Chrysler's posted job descriptions appear to show that Jeep has decided to put the next-generation Wrangler on a serious diet -- just as Ram did for the 2013 Ram 1500 pickup.
LARRY P. VELLEQUETTE

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Larry P. Vellequette covers Chrysler for Automotive News.
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Jeep has begun searching for the extra bodies to mount its next big project: the redesign of the Jeep Wrangler. And the job opening descriptions provide some clues as to the changes planned for the off-roader's next generation.

This is supposition on my part, of course -- and a Jeep spokesman declined to comment when asked, saying the company doesn't discuss future product.

With just one exception, the job descriptions posted on the Chryslercareers.com Web site don't identify the Wrangler by name. But given the updated five-year product plan Chrysler Group CEO Sergio Marchionne revealed in January, some of the jobs identified appear to be for the next-generation Wrangler, due in 2016.

What the descriptions appear to show is that Jeep has decided to put the next-generation Wrangler on a serious diet, just as Ram did for the 2013 Ram 1500 pickup.

If that's the case, then the lightweight Wrangler Stitch concept that engineers revealed in March for this year's Moab Easter Jeep Safari was a harbinger of things to come.

The job descriptions point to Jeep seeking to use advanced high-strength steels for its frame, a feature that pulled 30 pounds from the weight of the Ram. It also looks as though the Wrangler could lose some steel body panels in favor of aluminum.

It's also likely to pick up the air suspension system used on the Grand Cherokee and Ram. That would provide added clearance when needed and reduce drag on the Wrangler's rolling brick design at highway speeds and increase fuel economy.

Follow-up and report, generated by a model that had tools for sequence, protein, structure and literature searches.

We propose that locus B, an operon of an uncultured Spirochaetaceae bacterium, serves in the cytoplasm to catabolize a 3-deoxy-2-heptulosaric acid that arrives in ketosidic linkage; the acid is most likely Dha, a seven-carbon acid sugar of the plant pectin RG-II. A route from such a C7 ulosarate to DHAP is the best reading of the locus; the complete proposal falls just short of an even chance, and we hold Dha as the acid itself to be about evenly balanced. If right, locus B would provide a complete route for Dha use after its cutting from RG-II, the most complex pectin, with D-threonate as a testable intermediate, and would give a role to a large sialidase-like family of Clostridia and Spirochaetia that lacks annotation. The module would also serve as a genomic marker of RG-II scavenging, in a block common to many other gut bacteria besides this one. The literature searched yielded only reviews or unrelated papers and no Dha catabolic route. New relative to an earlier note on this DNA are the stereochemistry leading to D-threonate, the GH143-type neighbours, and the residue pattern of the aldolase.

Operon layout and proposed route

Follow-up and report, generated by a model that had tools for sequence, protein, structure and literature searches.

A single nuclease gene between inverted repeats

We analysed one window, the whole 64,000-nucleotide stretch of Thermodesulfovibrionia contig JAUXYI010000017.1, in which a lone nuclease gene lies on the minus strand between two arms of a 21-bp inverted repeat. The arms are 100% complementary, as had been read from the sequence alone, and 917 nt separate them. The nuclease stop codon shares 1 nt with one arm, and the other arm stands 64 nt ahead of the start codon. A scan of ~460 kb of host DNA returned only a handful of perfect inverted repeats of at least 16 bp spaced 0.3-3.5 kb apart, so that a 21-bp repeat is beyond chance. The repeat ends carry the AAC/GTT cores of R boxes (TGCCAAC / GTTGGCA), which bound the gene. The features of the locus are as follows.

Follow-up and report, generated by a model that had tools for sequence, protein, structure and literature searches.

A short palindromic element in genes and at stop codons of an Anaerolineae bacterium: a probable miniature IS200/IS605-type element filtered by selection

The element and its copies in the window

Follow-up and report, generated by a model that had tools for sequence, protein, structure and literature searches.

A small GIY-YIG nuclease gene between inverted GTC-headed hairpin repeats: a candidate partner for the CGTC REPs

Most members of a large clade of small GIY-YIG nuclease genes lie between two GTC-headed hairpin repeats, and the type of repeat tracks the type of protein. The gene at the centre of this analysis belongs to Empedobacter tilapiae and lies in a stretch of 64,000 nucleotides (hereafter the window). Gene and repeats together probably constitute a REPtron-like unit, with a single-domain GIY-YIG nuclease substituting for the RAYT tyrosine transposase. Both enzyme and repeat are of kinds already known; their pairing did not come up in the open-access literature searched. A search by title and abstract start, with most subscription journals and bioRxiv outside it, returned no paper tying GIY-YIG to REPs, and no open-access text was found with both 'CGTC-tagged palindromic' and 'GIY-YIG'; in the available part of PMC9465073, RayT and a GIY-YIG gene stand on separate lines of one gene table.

I would also look for the Wrangler to add the Ram's pulse-width modulation technology, which pulses the electrical load from the alternator.From a powertrain standpoint, the job descriptions -- and executive statements -- point to the inclusion of a diesel engine variant into the Wrangler, as well as the adoption of Chrysler's eight-speed automatic transmission, or a next-generation variant.

Engineers also will look at the Wrangler's unique closure systems -- the clip-down hood, for example, or its somewhat-inviting-to-thieves exterior door hinges.

What's not clear is whether the next Wrangler might include a permanently fixed wind screen. Only a small percentage of Wrangler owners ever go through the trouble of dropping their wind screen, but eliminating the ability to do so would allow engineers to increase its rake and with it, the Wrangler's fuel economy.

In many ways, the next Wrangler will be the ultimate engineering test for Jeep under its new Fiat ownership, and its biggest potential trap.

Keeping the off-roader's capabilities and customizability is paramount from a sales standpoint, while increasing its fuel efficiency is required by ever-tightening corporate average fuel economy standards.

It's going to be a big, tough job, and it's good to see Chrysler reaching out early to add the expertise it will need to get it done.

You can reach Larry P. Vellequette at lvellequette@crain.com.

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